In June 2009, the democratically elected president of Honduras was kidnapped and whisked out of the country while the military and business elite consolidated a coup d’etat. To the surprise of many, Canada implicitly supported the coup and assisted the coup leaders in consolidating their control over the country.
Since the coup, Canada has increased its presence in Honduras, even while the country has been plunged into a human rights catastrophe, highlighted by the assassination of prominent Indigenous activist Berta Cáceres in 2016. Drawing from the Honduran experience, Ottawa and Empire makes it clear that Canada has emerged as an imperial power in the 21st century.
For those seeking a class conscious and genuinely internationalist alternative to the reigning story about Canada in the world Ottawa and Empire is a must read
– The Bullet
Tyler Shipley’s important research shows that imperial power in the Americas is executed not just by Washington, but also by Ottawa. Canada, with its rapacious extractive industries, bears a good deal of responsibility for the nightmare currently unfolding in Honduras.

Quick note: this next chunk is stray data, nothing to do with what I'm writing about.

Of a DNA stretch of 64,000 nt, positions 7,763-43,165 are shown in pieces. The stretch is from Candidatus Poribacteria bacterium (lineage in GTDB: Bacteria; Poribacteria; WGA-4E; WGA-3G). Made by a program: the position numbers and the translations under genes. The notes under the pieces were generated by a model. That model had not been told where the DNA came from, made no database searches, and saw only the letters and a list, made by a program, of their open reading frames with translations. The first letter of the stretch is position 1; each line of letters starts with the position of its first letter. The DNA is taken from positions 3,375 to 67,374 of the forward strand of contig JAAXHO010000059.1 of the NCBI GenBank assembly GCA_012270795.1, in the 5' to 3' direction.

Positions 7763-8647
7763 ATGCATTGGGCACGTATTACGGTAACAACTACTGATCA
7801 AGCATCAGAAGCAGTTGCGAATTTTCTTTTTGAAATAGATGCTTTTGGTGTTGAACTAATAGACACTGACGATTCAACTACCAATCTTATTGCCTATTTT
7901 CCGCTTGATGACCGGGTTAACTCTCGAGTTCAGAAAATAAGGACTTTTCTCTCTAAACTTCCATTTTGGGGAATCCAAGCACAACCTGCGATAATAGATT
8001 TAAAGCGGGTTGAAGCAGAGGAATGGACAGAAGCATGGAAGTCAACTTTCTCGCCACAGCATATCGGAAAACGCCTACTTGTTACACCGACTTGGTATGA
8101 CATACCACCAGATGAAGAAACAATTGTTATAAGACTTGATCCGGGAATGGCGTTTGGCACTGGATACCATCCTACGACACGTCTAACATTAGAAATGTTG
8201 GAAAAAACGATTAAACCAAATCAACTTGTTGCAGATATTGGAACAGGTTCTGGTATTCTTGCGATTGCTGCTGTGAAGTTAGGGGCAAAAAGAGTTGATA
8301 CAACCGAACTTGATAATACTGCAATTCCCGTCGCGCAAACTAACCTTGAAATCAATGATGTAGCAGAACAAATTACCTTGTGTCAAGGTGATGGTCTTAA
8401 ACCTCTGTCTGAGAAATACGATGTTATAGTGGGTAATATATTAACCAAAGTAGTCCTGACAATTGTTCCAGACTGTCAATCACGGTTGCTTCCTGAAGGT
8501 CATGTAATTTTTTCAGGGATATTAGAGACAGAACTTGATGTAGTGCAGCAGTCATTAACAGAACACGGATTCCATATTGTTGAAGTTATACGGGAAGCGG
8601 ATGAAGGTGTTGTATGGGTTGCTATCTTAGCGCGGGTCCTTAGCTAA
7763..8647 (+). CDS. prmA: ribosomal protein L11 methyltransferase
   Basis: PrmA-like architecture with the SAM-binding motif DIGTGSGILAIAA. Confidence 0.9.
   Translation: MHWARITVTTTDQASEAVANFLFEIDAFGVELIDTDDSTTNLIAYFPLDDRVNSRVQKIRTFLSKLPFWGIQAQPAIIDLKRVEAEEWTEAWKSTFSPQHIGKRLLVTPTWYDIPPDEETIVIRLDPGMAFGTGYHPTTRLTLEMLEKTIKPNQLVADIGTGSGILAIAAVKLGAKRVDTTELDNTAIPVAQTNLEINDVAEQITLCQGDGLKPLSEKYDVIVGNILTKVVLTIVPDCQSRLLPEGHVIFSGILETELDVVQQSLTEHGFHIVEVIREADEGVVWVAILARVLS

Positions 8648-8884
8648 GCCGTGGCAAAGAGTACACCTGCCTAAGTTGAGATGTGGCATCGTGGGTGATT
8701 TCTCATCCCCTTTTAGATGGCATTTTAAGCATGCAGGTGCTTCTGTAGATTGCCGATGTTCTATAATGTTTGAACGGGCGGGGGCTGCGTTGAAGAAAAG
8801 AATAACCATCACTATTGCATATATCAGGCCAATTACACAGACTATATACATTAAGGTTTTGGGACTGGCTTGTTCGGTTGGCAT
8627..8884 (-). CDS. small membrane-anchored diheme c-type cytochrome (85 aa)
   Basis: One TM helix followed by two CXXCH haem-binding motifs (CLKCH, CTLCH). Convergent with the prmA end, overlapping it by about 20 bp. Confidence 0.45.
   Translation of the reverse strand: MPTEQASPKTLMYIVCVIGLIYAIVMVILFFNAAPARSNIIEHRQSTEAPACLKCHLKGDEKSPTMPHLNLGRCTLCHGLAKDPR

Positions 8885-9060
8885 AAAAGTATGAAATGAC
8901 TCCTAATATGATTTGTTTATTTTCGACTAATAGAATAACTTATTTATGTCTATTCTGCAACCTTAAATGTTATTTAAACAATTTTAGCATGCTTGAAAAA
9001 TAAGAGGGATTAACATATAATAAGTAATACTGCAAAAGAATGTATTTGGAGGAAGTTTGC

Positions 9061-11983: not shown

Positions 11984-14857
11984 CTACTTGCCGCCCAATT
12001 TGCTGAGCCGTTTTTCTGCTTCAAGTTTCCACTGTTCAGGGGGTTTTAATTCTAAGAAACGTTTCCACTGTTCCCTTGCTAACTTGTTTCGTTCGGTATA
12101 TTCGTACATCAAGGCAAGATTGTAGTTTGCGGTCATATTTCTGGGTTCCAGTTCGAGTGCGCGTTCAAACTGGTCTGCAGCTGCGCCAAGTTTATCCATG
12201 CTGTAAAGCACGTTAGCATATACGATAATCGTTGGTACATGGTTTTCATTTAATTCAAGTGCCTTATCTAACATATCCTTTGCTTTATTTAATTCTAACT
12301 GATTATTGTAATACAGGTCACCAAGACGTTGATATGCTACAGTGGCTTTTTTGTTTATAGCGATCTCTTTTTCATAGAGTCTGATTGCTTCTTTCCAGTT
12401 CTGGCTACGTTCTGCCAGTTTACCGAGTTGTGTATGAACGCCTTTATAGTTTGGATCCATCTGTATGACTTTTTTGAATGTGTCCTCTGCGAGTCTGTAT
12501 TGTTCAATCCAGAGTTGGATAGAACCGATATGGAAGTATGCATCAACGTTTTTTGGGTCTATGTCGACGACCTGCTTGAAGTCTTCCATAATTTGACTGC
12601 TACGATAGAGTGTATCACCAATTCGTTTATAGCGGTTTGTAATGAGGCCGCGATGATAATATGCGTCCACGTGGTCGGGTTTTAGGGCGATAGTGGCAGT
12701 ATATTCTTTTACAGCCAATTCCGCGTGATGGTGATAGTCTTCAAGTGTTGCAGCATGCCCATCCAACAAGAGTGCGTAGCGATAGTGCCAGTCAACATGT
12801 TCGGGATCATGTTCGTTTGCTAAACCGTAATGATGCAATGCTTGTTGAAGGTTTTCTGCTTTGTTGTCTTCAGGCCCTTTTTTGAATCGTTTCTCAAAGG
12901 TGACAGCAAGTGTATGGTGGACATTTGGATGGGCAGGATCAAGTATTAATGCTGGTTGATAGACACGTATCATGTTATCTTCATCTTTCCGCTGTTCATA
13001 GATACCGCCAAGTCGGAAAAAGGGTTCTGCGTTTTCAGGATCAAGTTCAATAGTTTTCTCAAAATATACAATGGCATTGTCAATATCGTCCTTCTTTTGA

– Greg Grandin, professor of history, New York University, and author of The Empire of Necessity: Slavery, Freedom, and Deception in the New World
As the United States simultaneously expands its profit-motivated wars abroad and descends into neoliberal fascism at home, many look to Canada for an alternative model of humane, peaceable North American statehood. In this meticulously-researched exploration of Canada’s devastating and murderous role in suppressing Honduran democracy, Shipley brings his fellow Canadians and Canada’s liberal admirers to the south face to face with the reality that Canada never was what we wanted it to be. He convincingly shows Canada to be a full-fledged imperialist power in its own right—a power against which Indigenous Canadians and Hondurans alike have provided a forceful model of resistance.
– Adrienne Pine, author of Working Hard, Drinking Hard: On Violence and Survival in Honduras
Challenging an all-too-easy smugness and complacency, Shipley demands that we face up to Canada’s complicity in political coups and repression. This deeply-researched book is a must-read for everyone who cares about global justice and the future of democracy.
– David McNally, professor and author of Another World is Possible
In this readable and eye-popping book, Shipley gives us not only a crisp analysis of the 2009 Honduran coup and its aftermath, but a damning exposition of Canadian imperialism at its most raw and destructive—rooted in big economic interests and broad geopolitical aspirations.
– Dana Frank, professor of history, University of California, Santa Cruz